Drive On: Will Nissan ruin the profit party?

A car drives by a Nissan dealership in Colma, Calif.

Will Nissan ruin the party?

Automakers are experiencing not only huge sales, but consumers are forking over unusually high prices. It’s been the kind of climate that automakers could have barely imagined four years ago when the car market hit rock bottom.

Now comes Nissan to ruin the party. The Japanese automaker, emboldened by a “take-no-prisoners approach to gaining U.S. Market share,” has cut prices on seven models and is boosting incentives, Bloomberg News reports.

Needless to say, it’s working. Nissan’s sales rose 25% in May and the discounted Altima sedan beat Ford’s Fusion.

Now the question is will other automakers be forced to follow. And if they do, will it cut into profitability enough that the good times will come to an end — even as consumer benefit from lower prices?

Automakers are in a unique position. Even when the auto market was vibrant a decade ago, the Detroit Three saw narrow profits or losses because they were making more vehicles than the market would bear, forcing them to slash prices.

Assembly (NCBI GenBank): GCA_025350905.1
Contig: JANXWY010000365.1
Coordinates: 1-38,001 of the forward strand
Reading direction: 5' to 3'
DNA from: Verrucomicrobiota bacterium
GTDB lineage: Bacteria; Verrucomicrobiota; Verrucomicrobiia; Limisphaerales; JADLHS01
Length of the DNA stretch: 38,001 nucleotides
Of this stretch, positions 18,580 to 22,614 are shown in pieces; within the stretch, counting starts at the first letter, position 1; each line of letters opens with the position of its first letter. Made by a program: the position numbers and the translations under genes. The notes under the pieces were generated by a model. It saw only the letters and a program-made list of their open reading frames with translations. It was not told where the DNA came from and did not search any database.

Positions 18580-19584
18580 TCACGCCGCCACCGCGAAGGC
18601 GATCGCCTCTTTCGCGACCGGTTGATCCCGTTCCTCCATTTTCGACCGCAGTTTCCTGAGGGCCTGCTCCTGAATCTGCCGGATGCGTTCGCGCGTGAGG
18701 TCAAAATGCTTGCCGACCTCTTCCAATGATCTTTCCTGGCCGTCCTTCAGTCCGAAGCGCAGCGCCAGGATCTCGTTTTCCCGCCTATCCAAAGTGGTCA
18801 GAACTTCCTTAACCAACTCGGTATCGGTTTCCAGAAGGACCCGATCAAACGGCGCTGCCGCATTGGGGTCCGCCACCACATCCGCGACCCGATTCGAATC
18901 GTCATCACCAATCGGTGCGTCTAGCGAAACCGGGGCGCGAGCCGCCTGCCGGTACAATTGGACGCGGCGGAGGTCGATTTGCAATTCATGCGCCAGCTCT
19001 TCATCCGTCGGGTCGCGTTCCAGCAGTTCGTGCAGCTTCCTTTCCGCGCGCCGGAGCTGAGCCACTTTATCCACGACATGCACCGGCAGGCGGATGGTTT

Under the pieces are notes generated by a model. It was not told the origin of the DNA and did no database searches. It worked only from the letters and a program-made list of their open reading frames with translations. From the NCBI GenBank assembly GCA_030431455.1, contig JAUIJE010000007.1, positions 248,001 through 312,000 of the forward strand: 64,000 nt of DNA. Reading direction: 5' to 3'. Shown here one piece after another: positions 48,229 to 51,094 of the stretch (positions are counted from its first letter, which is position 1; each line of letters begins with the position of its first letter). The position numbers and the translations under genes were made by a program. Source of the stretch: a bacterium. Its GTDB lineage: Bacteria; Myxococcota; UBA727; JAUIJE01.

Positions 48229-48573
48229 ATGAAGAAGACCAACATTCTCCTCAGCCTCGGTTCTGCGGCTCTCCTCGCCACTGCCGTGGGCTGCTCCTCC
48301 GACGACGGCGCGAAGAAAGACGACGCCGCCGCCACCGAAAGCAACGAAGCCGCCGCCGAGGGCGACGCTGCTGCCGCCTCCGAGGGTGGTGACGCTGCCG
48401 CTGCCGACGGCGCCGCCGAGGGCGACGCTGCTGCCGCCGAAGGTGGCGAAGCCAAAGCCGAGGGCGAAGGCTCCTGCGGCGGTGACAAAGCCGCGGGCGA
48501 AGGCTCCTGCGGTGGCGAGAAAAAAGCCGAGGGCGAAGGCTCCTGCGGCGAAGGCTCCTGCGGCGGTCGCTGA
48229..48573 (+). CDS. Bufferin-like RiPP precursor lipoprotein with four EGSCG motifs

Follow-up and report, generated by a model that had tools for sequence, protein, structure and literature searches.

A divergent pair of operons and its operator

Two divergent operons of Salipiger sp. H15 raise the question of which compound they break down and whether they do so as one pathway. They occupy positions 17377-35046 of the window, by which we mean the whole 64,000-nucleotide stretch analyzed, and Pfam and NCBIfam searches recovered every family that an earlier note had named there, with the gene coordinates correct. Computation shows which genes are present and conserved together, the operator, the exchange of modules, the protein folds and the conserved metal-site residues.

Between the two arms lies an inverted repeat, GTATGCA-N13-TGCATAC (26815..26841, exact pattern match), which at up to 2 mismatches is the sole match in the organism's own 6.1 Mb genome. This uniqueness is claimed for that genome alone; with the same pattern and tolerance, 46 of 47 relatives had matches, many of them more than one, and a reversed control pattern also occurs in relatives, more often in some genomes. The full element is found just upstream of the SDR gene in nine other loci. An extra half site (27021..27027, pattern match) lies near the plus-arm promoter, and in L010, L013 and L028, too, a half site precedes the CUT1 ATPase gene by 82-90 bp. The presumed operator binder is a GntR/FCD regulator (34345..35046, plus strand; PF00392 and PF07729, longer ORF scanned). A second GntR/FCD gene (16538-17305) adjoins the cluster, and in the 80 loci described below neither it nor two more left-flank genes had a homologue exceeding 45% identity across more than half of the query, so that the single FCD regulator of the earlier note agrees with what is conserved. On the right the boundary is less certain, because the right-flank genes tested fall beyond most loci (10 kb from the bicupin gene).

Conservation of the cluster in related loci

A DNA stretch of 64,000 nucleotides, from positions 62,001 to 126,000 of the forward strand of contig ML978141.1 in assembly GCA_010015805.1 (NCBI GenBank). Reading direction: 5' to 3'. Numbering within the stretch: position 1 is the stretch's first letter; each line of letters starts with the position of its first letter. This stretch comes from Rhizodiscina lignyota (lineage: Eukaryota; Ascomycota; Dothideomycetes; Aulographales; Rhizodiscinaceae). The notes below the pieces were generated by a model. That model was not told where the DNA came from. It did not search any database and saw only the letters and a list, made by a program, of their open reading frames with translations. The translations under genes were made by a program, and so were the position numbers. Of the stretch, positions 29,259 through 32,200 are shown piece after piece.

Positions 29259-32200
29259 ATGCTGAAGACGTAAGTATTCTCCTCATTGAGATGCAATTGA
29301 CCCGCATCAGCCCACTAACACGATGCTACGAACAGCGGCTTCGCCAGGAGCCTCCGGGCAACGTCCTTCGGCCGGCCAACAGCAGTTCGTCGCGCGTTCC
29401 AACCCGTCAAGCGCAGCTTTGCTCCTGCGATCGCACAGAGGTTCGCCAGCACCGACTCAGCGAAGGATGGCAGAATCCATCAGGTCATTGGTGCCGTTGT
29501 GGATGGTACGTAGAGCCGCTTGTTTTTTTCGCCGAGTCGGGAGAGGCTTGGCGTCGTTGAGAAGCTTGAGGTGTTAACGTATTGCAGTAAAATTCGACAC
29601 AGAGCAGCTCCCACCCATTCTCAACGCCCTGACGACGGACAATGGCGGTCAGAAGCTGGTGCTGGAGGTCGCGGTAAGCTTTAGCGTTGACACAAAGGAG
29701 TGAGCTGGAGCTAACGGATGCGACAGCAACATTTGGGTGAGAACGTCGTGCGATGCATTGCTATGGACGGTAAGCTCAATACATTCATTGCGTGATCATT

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Nissan’s cost cutting isn’t due to slumping sales as much as it may be taking advantage of currency flows. Japan’s yen has grown 15% against the dollar since October, Bloomberg says. It’s passing on the savings — at least for models still made in Japan.

These days, however, almost all foreign automakers have extensive U.S. Manufacturing to protect themselves from unfavorable currency exchanges.

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